Symantec said Thursday it will split into two publicly traded companies.
In after-hours trading on Thursday, Oct. 9, the stock gained 45 cents, or 1.9%, to $23.89.
One of the new companies will focus on Symantec's antivirus and security software, and the other on information management systems.
"It has become clear that winning in both security and information management requires distinct strategies, focused investments and go-to market innovation," said CEO Michael Brown in a statement Thursday.
After the split, the statement said, the businesses would be able to focus better on growth opportunities including M&A.
Symantec, which is on The Deal's activist watch list, had already attracted a modicum of interest from potentially dissident investors. Jeffrey Ubben's ValueAct Capital had built up 7.6 million shares, in the Mountain View, Calif.-based company, as of March 31, according to a regulatory filing.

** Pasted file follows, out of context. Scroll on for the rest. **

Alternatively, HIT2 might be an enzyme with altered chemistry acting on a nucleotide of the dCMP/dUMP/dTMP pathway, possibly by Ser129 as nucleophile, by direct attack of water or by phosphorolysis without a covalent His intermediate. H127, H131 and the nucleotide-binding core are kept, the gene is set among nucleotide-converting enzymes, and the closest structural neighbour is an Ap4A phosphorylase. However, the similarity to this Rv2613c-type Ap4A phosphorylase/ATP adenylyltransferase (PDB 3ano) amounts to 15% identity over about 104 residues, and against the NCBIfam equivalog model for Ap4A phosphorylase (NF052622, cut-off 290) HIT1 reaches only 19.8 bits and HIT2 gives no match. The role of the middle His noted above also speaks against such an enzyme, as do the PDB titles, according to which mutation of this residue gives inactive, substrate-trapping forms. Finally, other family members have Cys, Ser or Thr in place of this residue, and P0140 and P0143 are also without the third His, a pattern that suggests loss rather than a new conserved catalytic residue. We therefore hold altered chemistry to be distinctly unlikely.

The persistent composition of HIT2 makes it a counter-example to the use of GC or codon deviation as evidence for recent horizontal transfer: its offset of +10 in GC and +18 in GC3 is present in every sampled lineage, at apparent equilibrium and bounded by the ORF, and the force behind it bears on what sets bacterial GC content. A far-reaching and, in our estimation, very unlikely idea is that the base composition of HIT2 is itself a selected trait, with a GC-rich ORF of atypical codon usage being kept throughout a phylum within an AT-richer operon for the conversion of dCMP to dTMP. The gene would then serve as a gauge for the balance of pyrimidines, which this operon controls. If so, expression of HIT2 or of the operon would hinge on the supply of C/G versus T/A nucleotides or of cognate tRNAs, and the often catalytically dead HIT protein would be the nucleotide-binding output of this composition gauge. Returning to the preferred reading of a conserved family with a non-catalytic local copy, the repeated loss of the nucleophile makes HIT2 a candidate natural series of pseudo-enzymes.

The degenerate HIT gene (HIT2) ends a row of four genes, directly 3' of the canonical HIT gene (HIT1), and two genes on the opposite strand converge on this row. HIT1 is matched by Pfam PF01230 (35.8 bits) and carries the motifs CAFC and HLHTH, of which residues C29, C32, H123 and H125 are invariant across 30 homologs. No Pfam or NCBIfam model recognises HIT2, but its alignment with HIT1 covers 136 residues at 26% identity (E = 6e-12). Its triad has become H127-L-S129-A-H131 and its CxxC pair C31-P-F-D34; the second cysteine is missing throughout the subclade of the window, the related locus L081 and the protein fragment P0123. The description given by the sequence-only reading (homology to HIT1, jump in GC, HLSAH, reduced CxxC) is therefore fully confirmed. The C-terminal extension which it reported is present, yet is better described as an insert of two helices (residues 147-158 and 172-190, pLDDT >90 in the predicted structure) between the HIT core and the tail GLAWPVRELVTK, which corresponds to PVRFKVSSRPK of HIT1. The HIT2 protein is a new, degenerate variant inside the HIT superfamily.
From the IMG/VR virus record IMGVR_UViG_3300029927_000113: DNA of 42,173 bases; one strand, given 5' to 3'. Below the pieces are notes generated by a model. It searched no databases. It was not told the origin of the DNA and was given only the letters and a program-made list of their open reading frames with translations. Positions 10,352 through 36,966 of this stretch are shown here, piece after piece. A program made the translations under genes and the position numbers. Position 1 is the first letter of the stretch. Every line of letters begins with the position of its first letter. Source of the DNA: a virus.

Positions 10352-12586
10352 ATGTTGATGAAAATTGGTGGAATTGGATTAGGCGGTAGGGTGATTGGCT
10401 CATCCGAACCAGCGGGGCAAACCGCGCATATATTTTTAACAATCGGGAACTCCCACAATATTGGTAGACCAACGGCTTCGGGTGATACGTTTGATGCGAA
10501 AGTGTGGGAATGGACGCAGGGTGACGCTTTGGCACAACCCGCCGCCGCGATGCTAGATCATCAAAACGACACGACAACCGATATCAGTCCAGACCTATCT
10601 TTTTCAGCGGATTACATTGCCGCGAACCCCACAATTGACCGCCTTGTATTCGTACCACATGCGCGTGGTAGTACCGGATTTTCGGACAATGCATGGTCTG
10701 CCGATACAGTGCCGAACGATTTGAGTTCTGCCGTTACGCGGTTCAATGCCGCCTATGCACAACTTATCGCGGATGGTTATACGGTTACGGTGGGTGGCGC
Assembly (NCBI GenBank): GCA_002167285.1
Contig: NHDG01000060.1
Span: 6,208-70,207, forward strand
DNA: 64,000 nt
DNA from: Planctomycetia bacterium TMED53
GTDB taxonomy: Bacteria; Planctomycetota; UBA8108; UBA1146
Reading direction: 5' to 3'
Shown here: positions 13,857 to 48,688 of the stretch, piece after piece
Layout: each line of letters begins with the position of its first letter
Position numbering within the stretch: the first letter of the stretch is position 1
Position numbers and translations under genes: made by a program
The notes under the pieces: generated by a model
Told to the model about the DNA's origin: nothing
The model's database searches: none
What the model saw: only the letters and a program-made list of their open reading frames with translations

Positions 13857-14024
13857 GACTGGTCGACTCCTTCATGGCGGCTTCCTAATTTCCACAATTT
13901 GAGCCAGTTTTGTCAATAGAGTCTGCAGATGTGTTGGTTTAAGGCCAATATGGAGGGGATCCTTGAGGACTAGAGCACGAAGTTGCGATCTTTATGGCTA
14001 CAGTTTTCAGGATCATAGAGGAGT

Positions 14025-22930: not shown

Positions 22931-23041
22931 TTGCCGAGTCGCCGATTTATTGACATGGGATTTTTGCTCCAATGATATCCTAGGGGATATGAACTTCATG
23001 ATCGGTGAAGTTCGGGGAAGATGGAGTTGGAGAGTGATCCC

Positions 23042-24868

Brown will be CEO of the security businesses, which generated $4.2 billion in sales during fiscal year 2014 and had 30% operating margins.
Former Quantum Corp. (QTM) - Get Report COO John Gannon will be general manager of the information management business. That part of the business had 23% operating margins on $2.4 billion in revenues.
The company expects to complete the tax-free spin off in 2015.
After serving as interim CEO since March, Brown became the permanent CEO in late September. The board terminated prior CEO Steve Bennett in March, as a turnaround stalled.
Brown has a track record of setting companies up for sales.
Equallogic Inc., which Brown chaired, sold to Dell Inc. for $1.4 billion in 2008. He was also Chairman of Line 6 Inc. which Yamaha Corp. acquired in 2013, and is on the board of The Echo Nest, purchased by Spotify Ltd. for $100 million this year.
Breakups are in fashion among tech groups.
Hewlett-Packard Co. (HPQ) - Get Report said Monday that it would split up into one company targeting enterprises and another serving consumers. JDS Uniphase Corp. (JDSU) and Ebay Inc. (EBAY) - Get Report are also bifurcating their businesses.
Drago Rajkovic and Sanjay Jain of JPMorgan Securities LLC advised Symantec.